Thoughts on yesterday’s American Dream meeting
Like tens of thousands of other people across the country, I attended an American Dream meeting this weekend. The meetings were organized by MoveOn.org and supported by dozens of other liberal advocacy groups as well, as you can see by viewing the icons of advocacy groups at the bottom of this MoveOn page. If the Democratic Party did its job, we would not need all those advocacy groups.
I’ve been active in local politics for several years and I was happy to see lots of new faces. About 25 people showed up. One thing I noticed was that almost everyone was new. Other than the host for the event, everyone was a new face, I think. What happened to all the regulars? Burnt out perhaps.
Everyone who showed up seemed deeply concerned about what is happening to the country. A few people seemed particularly smart and focussed. The average age was probably in the 60s.
The meeting agenda asked us to bring an object that had special meaning for us, introduce ourselves, tell personal stories,and then vote on the top three issues that concerned us. Examples of issues included overturning Citizens United, reversing the Bush tax cuts, establishing Medicare for all, supporting public workers, stopping the offshoring of jobs and profits, closing the revolving door for lobbyists, public financing of campaigns, supporting public education, supporting women’s rights, raising the Social Security contribution limit from $106,000. etc, etc, etc. We broke into two groups and spent over an hour reading through the lists, discussing them, and voting. This exercise had some value, I suppose, but people thought: we need to work on all these issues and all these issues are inter-related. What’s the point of these votes?
Two issues that seemed not to be directly included on the list were (1) securing the integrity and transparency of elections, and (2) strengthening progressive media. After some discussion, my group agreed to ask/petition MoveOn to include election integrity in its list of important issues.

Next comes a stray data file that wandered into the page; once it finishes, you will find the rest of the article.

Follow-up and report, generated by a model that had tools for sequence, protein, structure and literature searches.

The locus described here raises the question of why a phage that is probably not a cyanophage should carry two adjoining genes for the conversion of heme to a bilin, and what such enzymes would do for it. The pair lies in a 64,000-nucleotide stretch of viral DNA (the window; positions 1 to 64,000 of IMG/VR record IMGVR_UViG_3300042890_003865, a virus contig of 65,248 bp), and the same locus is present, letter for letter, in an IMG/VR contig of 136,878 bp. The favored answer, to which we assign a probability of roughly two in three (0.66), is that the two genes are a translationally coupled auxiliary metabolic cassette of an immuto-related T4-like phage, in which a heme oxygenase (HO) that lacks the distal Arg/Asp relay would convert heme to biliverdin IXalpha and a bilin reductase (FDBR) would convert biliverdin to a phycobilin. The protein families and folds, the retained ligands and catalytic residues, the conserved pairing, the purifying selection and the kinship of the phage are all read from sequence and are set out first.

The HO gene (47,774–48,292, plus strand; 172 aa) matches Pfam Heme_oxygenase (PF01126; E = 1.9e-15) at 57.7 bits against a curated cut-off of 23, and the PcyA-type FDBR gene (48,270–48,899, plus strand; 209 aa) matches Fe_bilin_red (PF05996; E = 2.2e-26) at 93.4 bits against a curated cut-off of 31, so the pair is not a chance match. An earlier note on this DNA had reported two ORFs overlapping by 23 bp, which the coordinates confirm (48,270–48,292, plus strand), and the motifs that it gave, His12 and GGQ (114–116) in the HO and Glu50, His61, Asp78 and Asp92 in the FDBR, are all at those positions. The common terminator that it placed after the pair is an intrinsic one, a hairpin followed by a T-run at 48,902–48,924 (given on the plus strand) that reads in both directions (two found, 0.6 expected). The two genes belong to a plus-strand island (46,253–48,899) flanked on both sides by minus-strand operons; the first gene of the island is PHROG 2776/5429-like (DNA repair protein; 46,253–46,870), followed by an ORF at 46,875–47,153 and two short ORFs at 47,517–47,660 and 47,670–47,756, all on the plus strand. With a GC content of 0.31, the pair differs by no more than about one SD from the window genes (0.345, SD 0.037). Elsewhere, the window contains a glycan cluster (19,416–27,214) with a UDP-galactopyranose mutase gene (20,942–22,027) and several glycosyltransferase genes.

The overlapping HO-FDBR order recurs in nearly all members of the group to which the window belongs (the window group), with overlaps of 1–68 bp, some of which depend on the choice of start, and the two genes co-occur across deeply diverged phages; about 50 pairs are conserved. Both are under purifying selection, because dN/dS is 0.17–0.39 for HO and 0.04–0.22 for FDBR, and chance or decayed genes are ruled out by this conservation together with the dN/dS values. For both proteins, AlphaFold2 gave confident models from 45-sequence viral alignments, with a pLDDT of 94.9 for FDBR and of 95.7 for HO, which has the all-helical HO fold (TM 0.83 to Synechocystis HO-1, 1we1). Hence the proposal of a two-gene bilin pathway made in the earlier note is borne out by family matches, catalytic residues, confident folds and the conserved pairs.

During my self-introduction I said that if angry progressives kicked out centrists and took over the Democratic Party the way Christian conservatives and Tea Partiers took over the GOP, then the Democratic Party would be more progressive.
The meeting was useful as an introduction for new people, but I think almost everyone there was already pretty informed and pretty damn angry. So, I think the meeting would have been a lot more productive if there had been a concrete action plan for participants to follow. I didn’t come away with the feeling that anything much was accomplished. At work, every meeting has a clearly specified purpose. Nothing is more disheartening than a useless meeting.
Telling personal stories and bringing a meaningful object strike me as rather childish. Perhaps that’s overly judgmental.
Early in the meeting, one outspoken and eloquent woman said, “Let’s meet and discuss how to oppose the Tea Party.” That sounds like it could have been damn useful. Some other guy mentioned that he’d attended the transit hearing in Kirkland the other week and that he was disturbed to hear angry, organized anti-tax people, including Tim Eyman. Why can’t progressives be powerful like that? That’s the same point I made here, in my review of the Kirkland meeting.
MoveOn and the other organizers are planning additional American Dream meetings in the future. Let’s hope that turnout continues to be high and that the agendas include work on concrete action plans that participants can follow.
People are angry. How can the Left constructively mobilize that anger?
The organizer for my meeting, Jennie Petersen, allowed everyone to stay late. The meeting included a pot luck, and the food sure was good! Someone mentioned that right wingers often socialize through their church groups. I said that for liberals, maybe politics is our way to socialize. So I guess it’s important to keep it fun.
The spokesman for the American Dream movement is Van Jones, the Obama environmental adviser who was forced out by right wing distortions (and by Obama Administration spinelessness). When I did a google search on “‘American Dream’ Jones”, the first relevant hit — the very first hit was irrelevant: a music album by Mike Jones — was a right winger’s attack piece on Van Jones and the American Dream movement. Search engine optimization is important. Messaging and building a left wing media are important.